These two famous Old French chronicles were composed by soldiers who took part in the Holy Wars and offer both eyewitness accounts of the battles and pictures of life in the East.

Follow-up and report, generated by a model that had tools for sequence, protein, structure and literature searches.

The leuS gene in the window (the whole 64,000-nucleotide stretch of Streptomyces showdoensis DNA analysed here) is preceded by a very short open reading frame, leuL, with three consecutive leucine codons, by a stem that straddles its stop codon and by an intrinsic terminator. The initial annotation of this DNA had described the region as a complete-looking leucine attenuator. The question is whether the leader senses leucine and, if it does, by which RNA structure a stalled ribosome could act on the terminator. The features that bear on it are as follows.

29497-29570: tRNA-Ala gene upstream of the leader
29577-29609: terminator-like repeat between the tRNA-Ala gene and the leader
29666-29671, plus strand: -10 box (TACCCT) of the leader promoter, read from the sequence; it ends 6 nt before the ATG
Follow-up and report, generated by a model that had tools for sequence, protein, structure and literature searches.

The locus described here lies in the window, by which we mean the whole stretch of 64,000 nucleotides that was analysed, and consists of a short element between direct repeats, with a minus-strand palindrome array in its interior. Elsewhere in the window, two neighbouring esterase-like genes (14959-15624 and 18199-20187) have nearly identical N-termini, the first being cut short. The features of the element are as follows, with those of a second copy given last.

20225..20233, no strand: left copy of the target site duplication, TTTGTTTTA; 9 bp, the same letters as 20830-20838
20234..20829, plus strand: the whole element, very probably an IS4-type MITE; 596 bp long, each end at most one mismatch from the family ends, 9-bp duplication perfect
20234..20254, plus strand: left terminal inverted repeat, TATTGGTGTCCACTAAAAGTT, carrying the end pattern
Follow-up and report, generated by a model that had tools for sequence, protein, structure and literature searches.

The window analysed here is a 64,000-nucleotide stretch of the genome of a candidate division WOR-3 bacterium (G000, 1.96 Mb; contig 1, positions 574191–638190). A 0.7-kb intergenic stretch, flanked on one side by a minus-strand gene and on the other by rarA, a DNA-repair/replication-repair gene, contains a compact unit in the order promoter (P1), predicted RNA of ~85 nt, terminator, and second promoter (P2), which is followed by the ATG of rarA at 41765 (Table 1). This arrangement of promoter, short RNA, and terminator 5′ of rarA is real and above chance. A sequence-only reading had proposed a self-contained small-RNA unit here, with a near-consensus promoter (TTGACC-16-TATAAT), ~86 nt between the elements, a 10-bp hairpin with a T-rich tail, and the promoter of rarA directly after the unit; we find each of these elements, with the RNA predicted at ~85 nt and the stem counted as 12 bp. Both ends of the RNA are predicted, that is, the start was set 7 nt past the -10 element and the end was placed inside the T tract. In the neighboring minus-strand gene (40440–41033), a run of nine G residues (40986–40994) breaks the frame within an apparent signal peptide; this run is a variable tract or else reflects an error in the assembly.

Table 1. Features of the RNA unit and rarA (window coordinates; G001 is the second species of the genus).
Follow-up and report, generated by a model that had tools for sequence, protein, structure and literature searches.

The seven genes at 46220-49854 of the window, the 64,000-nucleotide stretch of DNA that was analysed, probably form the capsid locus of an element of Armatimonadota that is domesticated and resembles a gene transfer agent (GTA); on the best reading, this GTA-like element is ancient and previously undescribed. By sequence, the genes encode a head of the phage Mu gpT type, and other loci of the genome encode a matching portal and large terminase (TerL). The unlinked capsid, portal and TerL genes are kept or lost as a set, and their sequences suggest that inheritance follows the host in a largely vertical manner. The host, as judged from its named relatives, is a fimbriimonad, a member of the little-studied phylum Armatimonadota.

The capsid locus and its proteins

GEOFFREY OF VILLEHARDOUIN was born in around 1150 in the county of Champagne, east of Paris. In 1185 he was appointed to the office of marshal of Champagne, a post that nurtured both his administrative and military expertise. Having taken a crusade vow in 1199 he was subsequently appointed as an envoy and was privy to crucial decisions made by the leaders of the Fourth Crusade, which ended in the conquest of Constantinople from its Greek Christian rulers in April 1204. Villehardouin was appointed as marshal in the Latin empire of Constaninople. It was probably in late 1207 that he began dictating The Conquest of Constantinople, his only know written work and perhaps the earliest example of historical writing in French prose. He died between 1212 and 1218, in circumstances that remain obscure. JOHN OF JOINVILLE was born in 1224 or 1225 into a family prominent in the county of Champagne. In 1233 he inherited the office of seneschal of Champagne that would igive him a leading role in the administrative affairs of the county. He joined the first cruade led by King Louis IX of France, and in 1248 set out on a campaign that would take him to Egypt and the Near East over its six-year course. Joinville became a close friend of Louis IX and after their return to France he was a familiar figure at the royal court, but refused to join Louis on his second crusade. He honoured Louis's memory by giving evidence to the enquiry that established his friend's sanctity and by composing The Life of Saint Louis, which he completed in 1309. Joinville died eight years later, at the age of at least ninety-two. CAROLINE SMITH studied History at Trinity Hall, Cambridge, from where she graduated with a Ph.D. in 2004. Her publications include Crusading in the Age of Joinville (2006). She lives and works in New York, where she continues to pursue her research on the crusades and thirteenth-century French society, and on the life and writings of John of Joinville. Margaret Shaw received a first from Oxford in languages, after which she taught in Bradford, before moving to Paris. She did research on Laurence Sterne and published a book about his 'Letter to Eliza'. She became a tutor at St Hugh's, Oxford and translated Stendhal for the Penguin Classics. She died in 1963.